Saturday in the Second Week of Ordinary Time

Acts 2:42-47

And They Devoted Themselves

This passage paints a beautiful picture of the New Testament Church: “And they devoted themselves to the Apostles’ teaching and the fellowship, to the breaking of bread and the prayers.”  So we see here that the first concern was the teaching that the Apostles’ laid down, which they received from Christ or from revelation of the Holy Spirit.  What they taught was no man’s philosophy, nor politics, nor were they the “people’s apostles.”  What they gave was the word of God as the Spirit gave them ability, not something utterly new but a Christ-centered understanding of the Old Testament Scriptures emphasizing fulfillment and the need for faith and repentance.  And the people conformed their lives accordingly as awe came over them as the Spirit confirmed the Apostles’ words with signs and wonders.  It was obedience to this word that gave them the sweet fellowship they experienced, both in their mutual relations and in worship.  The “breaking of bread and the prayers” may be formal or informal; formal in the context of worship as that was experienced in the Lord’s Supper and prayers probably from temple worship but filled with new meaning given their fulfillment in Christ, informal in personal fellowship and devotion.

The loving fellowship they experienced expressed itself in holding “all things in common.”  This communal style of living was not compelled as Peter makes clear later in his condemnation of Ananias and Sapphira (5:4), but voluntary.  However, it does seem from this text and from 4:32-27 that the believers in the early church in Jerusalem did practice this kind of sharing, what the New Testament calls, koinonia.  And if I may be so bold, their fellowship puts ours to shame.  We call “fellowship” a time when the church gathers together for a meal in the fellowship hall.  That’s fine and well, but that’s still a far cry from what we see here.  Our culture teaches us that we have earned what we have and therefore have a right to enjoy it.  We also fear that if we give to someone in need we may be enabling them to continue therein.  And there is some truth to this as we read in many places in Proverbs.  Still, in their great love for one another, the Spirit compelled them to share far beyond the point many of us are comfortable with: selling lands and houses so that no one would have any need; and here we sit worried about having enough for retirement!  But because of this fellowship, now understood as generosity, they had glad hearts and were ready to give even more.  And it was this generosity and joy amongst themselves that gave them favor among the people, for people generally respond favorably to such generous and joyful believers.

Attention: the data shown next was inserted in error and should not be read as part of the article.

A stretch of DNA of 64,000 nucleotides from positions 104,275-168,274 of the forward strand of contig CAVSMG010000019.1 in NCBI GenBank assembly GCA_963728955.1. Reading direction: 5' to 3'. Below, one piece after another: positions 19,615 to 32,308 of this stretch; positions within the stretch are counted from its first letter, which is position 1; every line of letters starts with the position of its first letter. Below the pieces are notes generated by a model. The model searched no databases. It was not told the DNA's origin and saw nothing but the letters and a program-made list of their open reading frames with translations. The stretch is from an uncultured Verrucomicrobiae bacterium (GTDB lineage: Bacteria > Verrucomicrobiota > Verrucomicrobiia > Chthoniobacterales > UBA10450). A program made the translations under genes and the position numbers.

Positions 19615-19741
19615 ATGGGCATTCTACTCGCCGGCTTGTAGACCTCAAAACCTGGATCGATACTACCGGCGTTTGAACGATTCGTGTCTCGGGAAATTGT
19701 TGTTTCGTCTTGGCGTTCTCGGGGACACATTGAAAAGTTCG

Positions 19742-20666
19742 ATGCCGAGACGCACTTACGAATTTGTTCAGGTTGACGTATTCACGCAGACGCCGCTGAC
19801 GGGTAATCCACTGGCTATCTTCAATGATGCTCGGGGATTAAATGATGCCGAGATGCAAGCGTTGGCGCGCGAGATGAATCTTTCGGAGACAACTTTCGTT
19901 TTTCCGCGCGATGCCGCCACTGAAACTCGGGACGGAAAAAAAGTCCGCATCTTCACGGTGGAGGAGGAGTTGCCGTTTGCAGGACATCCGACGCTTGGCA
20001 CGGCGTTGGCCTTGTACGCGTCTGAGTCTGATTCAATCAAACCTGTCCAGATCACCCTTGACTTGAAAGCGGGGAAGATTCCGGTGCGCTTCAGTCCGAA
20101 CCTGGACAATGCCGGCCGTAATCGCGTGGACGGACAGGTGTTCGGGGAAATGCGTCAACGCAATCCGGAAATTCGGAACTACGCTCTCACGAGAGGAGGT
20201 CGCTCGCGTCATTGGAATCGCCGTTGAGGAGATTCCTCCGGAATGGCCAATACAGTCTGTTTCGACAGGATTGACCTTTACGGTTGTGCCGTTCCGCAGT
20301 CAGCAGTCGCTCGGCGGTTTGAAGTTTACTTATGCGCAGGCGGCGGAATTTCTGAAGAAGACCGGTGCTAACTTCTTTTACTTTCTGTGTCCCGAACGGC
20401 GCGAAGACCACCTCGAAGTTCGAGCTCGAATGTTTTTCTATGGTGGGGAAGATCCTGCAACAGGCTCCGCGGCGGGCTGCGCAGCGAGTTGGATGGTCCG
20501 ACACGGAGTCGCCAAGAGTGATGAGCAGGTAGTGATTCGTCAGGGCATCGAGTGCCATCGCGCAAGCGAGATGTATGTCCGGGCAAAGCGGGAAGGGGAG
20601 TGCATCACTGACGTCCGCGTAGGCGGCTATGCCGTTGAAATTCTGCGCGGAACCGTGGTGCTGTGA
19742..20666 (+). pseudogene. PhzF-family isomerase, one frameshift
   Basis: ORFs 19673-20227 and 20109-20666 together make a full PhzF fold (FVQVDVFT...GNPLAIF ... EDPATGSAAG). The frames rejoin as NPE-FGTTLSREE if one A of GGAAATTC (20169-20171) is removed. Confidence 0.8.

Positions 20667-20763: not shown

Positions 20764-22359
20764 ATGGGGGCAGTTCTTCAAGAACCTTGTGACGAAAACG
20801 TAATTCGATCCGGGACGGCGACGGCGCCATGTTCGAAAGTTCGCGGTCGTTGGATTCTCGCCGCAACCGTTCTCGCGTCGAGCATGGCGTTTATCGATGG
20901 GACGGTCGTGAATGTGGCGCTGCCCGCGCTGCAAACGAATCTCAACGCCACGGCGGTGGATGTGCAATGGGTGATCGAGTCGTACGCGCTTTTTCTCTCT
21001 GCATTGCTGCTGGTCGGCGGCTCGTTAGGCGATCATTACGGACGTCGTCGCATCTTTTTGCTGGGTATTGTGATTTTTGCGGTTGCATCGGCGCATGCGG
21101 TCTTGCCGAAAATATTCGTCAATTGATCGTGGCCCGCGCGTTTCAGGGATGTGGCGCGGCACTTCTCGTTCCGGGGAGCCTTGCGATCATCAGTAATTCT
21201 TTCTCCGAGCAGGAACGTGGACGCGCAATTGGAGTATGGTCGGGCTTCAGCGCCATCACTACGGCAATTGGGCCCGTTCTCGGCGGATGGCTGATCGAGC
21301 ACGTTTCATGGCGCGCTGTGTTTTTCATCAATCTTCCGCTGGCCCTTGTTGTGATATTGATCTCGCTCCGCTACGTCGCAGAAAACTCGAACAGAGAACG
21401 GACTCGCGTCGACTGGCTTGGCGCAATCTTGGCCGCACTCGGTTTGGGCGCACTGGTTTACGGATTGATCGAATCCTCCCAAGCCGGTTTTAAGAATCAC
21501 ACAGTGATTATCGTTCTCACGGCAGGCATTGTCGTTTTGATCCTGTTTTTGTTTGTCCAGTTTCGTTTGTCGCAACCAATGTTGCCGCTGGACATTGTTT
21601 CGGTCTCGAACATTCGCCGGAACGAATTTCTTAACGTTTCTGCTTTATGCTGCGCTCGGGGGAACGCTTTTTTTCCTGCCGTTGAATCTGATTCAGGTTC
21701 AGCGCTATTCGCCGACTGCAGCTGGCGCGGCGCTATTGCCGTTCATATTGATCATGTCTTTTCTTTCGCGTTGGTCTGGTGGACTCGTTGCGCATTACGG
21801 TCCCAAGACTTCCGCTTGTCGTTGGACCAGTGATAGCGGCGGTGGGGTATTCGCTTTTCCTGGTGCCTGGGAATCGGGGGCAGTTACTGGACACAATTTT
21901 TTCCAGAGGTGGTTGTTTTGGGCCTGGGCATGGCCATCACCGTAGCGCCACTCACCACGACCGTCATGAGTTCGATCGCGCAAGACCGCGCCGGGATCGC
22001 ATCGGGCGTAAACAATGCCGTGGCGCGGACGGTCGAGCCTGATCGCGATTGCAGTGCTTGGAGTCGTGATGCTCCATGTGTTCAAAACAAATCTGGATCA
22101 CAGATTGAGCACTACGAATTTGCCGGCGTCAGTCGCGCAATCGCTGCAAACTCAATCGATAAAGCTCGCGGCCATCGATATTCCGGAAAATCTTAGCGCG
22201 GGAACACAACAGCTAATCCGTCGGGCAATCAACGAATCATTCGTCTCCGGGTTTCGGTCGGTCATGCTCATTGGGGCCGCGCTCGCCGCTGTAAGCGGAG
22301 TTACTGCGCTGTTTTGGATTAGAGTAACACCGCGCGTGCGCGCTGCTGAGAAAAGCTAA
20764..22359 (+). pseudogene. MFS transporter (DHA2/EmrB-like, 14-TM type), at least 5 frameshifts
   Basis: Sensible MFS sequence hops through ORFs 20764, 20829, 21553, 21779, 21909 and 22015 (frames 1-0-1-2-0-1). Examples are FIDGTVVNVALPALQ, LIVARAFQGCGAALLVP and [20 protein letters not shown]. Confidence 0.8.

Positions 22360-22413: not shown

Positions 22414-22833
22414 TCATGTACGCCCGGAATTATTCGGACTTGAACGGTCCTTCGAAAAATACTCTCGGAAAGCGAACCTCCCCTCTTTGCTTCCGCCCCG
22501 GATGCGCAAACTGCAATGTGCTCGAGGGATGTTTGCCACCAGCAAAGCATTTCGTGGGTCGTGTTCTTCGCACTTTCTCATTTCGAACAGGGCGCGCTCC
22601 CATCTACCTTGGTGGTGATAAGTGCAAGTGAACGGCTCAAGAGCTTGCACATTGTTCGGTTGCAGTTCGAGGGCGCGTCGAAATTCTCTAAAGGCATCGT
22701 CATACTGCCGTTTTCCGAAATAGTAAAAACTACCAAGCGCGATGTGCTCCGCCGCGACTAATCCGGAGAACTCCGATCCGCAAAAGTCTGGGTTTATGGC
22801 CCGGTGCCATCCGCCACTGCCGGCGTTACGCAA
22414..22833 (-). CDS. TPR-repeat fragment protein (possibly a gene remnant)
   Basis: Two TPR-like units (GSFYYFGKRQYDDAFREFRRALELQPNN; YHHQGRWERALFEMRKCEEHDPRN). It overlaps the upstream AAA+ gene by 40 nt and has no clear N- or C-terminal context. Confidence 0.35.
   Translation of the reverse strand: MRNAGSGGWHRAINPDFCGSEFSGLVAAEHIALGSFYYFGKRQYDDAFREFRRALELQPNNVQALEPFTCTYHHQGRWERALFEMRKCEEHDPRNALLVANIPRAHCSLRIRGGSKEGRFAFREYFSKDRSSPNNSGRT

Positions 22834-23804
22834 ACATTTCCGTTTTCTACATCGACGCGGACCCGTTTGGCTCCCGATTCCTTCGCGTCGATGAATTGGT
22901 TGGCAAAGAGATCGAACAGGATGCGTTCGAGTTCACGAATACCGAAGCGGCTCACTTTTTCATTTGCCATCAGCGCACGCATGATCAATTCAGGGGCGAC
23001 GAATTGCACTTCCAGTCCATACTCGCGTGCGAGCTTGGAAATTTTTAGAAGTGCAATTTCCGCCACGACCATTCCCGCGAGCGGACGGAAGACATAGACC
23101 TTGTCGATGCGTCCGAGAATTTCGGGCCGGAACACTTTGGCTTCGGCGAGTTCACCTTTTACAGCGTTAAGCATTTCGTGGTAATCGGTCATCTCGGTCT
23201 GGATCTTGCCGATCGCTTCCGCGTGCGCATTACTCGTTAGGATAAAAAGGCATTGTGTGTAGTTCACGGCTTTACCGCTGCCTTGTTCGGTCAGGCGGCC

Author: The Reformed Baptist

My name is Stephen Taylor, ordained Baptist minister of eighteen years pastoral experience with a Ph.D. in Historical Theology from Southwestern Baptist Theological Seminary in Fort Worth, Texas. Better than that, I am married to a godly woman, Karla, who has been very patient with me since 1989. I have two daughters, both of whom I homeschooled for extended periods of time, who became godly young women, and who ran off and married godly young men, all of which is very proper. The oldest daughter has even seen fit to bless me with a grandson and a granddaughter, and my youngest daughter with a grandson, all three of whom are bundles of exceeding joy. As you can see, I am quite blessed. This website is dedicated to helping people grow in the wisdom and knowledge of our Lord Jesus Christ through the gift of writing that the Lord has given to me. It is specifically about helping His people grow in godliness, the theme you see repeated above. I write devotions with this aim and hope that they might be of some help to God’s people. Full disclosure: I am of a Reformed bent, meaning that my understanding of Scripture is primarily informed by the Reformers and their successors of the sixteenth and seventeenth centuries. However, as a student of church history and theology, I strive to remain true to that teaching handed down once for all unto the saints through every age of the Church. I like to think of myself as a “catholic” Christian, as the Reformers thought of themselves. At any rate, feel free to read, pray, and contact me if you wish, or correct me if need be. As you can see, I tend to follow the church year. Of course, I make no special claims about these devotions. I know very well that others have written better and plumbed the depths of God’s word with greater insight. But if my musings help someone draw closer to the Lord, well then, I have my reward. Blessings to you and may the God and Father of our Lord and Savior Jesus Christ speak to you that word which He knows you especially need to hear. Grace & peace, Stephen Taylor

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